Attention to design and placemaking shows dividends for new build homes

When it comes to buying a new build home, a common image that sails into the mind is of rows of identical properties, often crammed together with green space at a premium. However, when developers build more imaginative homes and allow for a real community to develop around them, can this add to the values achieved? Journalist Ben Kochan sets out to find out more. New housing developments frequently come in for criticism because of their lack of distinctiveness and concern for making a ‘place’. These concerns have gone unheeded in many new developments, as the homes have still found ready buyers. However, now new evidence is suggesting that more attention to design and placemaking pays dividends - though the large housebuilders are generally not appreciating it. This new research, sponsored by the Royal Institution of Chartered Surveyors and carried out by property consultants CBRE, found that placemaking does add commercial value but there are considerable disparities in the size of the premium - which ranged between five and 50 per cent - and it also varied between different dwelling types.

The study looked at five major recent housing developments where particular effort was expended on creating a ‘place’, and compared values with similar homes in the surrounding areas. The Accordia development in Cambridge, winner of several architectural prices including the prestigious Stirling Prize, was the strongest performer and exceeded local new build values by 56 per cent – though that premium might have been helped by the accolades which the development received.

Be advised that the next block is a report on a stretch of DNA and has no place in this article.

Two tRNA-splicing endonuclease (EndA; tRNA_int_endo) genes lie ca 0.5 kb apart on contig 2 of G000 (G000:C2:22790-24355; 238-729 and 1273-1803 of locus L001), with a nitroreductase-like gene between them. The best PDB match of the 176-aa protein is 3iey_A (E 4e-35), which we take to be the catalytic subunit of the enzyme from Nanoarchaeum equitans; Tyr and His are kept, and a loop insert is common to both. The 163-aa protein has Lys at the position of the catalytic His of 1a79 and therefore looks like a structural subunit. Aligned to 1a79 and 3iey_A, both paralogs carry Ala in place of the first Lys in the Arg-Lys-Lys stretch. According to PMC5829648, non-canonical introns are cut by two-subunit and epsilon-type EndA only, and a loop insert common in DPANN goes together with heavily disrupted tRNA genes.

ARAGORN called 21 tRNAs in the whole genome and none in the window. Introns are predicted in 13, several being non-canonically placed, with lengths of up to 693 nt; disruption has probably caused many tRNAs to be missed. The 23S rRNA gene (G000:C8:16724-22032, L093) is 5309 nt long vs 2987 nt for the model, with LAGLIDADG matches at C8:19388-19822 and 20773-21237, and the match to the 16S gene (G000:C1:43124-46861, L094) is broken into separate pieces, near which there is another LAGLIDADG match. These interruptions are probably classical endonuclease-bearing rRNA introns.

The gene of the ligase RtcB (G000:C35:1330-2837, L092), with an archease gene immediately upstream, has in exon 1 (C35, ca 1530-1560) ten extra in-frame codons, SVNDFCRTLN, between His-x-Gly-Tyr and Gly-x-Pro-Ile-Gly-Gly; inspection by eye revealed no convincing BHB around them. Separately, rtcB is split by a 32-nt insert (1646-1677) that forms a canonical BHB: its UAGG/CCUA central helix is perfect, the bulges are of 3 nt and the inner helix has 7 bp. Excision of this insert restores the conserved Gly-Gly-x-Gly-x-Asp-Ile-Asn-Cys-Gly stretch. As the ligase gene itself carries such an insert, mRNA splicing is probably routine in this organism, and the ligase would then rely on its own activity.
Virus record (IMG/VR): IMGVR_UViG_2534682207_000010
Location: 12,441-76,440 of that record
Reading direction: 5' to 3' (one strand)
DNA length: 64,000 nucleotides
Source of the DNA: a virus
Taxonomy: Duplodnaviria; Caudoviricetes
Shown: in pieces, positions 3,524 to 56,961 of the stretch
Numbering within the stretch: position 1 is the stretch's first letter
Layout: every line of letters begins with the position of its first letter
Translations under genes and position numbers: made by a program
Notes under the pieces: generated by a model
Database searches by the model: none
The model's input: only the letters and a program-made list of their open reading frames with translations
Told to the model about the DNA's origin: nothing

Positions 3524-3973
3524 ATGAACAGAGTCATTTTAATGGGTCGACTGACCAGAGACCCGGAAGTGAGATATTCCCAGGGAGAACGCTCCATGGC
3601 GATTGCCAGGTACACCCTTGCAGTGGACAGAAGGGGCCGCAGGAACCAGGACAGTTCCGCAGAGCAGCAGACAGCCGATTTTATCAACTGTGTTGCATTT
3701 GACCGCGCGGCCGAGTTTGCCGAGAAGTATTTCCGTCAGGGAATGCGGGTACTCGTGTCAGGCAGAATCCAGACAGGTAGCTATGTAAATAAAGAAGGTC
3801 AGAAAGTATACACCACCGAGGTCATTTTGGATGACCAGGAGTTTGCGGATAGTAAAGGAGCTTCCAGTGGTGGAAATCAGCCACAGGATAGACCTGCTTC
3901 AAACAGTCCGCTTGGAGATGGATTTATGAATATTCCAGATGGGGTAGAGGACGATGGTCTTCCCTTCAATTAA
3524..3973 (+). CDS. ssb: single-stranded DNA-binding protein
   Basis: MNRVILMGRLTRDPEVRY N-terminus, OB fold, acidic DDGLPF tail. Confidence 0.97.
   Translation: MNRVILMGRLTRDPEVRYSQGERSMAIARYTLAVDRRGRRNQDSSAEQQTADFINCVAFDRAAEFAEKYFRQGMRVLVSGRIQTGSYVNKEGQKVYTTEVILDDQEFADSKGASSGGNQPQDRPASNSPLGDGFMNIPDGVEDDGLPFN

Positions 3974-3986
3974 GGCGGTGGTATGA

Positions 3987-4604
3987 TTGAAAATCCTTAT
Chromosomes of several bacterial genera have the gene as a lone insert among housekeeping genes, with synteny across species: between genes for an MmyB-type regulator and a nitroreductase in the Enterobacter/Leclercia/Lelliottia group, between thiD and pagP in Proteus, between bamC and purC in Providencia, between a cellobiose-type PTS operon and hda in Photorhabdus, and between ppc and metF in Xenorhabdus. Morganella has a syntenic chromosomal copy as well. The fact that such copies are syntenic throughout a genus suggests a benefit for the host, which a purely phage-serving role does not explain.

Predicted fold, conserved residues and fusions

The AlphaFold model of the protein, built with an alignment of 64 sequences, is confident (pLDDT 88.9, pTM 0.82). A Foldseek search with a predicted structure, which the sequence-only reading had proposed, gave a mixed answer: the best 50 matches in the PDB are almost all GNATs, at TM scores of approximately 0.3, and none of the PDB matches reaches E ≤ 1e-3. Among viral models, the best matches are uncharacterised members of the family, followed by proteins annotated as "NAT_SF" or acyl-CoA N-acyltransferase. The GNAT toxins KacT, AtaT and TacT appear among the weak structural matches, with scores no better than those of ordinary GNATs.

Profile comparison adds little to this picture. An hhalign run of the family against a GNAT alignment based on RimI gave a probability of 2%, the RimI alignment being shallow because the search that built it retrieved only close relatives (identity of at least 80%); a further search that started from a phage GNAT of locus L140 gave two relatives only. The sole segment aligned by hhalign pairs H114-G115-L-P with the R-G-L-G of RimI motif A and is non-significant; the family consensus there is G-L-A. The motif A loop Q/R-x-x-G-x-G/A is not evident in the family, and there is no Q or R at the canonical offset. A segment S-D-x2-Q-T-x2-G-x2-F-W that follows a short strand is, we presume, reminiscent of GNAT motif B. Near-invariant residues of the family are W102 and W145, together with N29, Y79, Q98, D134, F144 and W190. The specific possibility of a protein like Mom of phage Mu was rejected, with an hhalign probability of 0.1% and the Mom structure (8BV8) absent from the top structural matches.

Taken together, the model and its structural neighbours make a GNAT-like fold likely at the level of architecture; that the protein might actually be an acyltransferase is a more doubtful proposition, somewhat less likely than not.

Overall, smaller terraced houses were often considerably more expensive than new semi-detached local homes. The study suggested that young families, in particular, were keen to move in and were willing to pay a premium, even if it meant compromising on the size of the property. They were prepared to pay a premium for a new home on a development with: good community provision (in particular good schools), extensive public parks and play spaces and community space to meet their neighbours.

The researchers comment that the housebuilding industry tends to focus on economies of scale through standardisation in order to improve affordability. This runs contrary to the delivery of bespoke features, which actually generate a premium.

Another way of creating maximum value uplift from good placemaking is for the housebuilders to hold onto the land for longer than their business accounting processes allow. The report suggests that a successful first phase of development leads to a higher land price for the second phase.

The case study sites (with the exception of Accordia) were promoted by non-traditional developers with an innovative attitude. Their success is something that the larger housebuilders could learn from.

Ben is a regular contributor to Planning Magazine and Placemaking Resource and has recently edited books on Migration in London and the Private Rented Sector.

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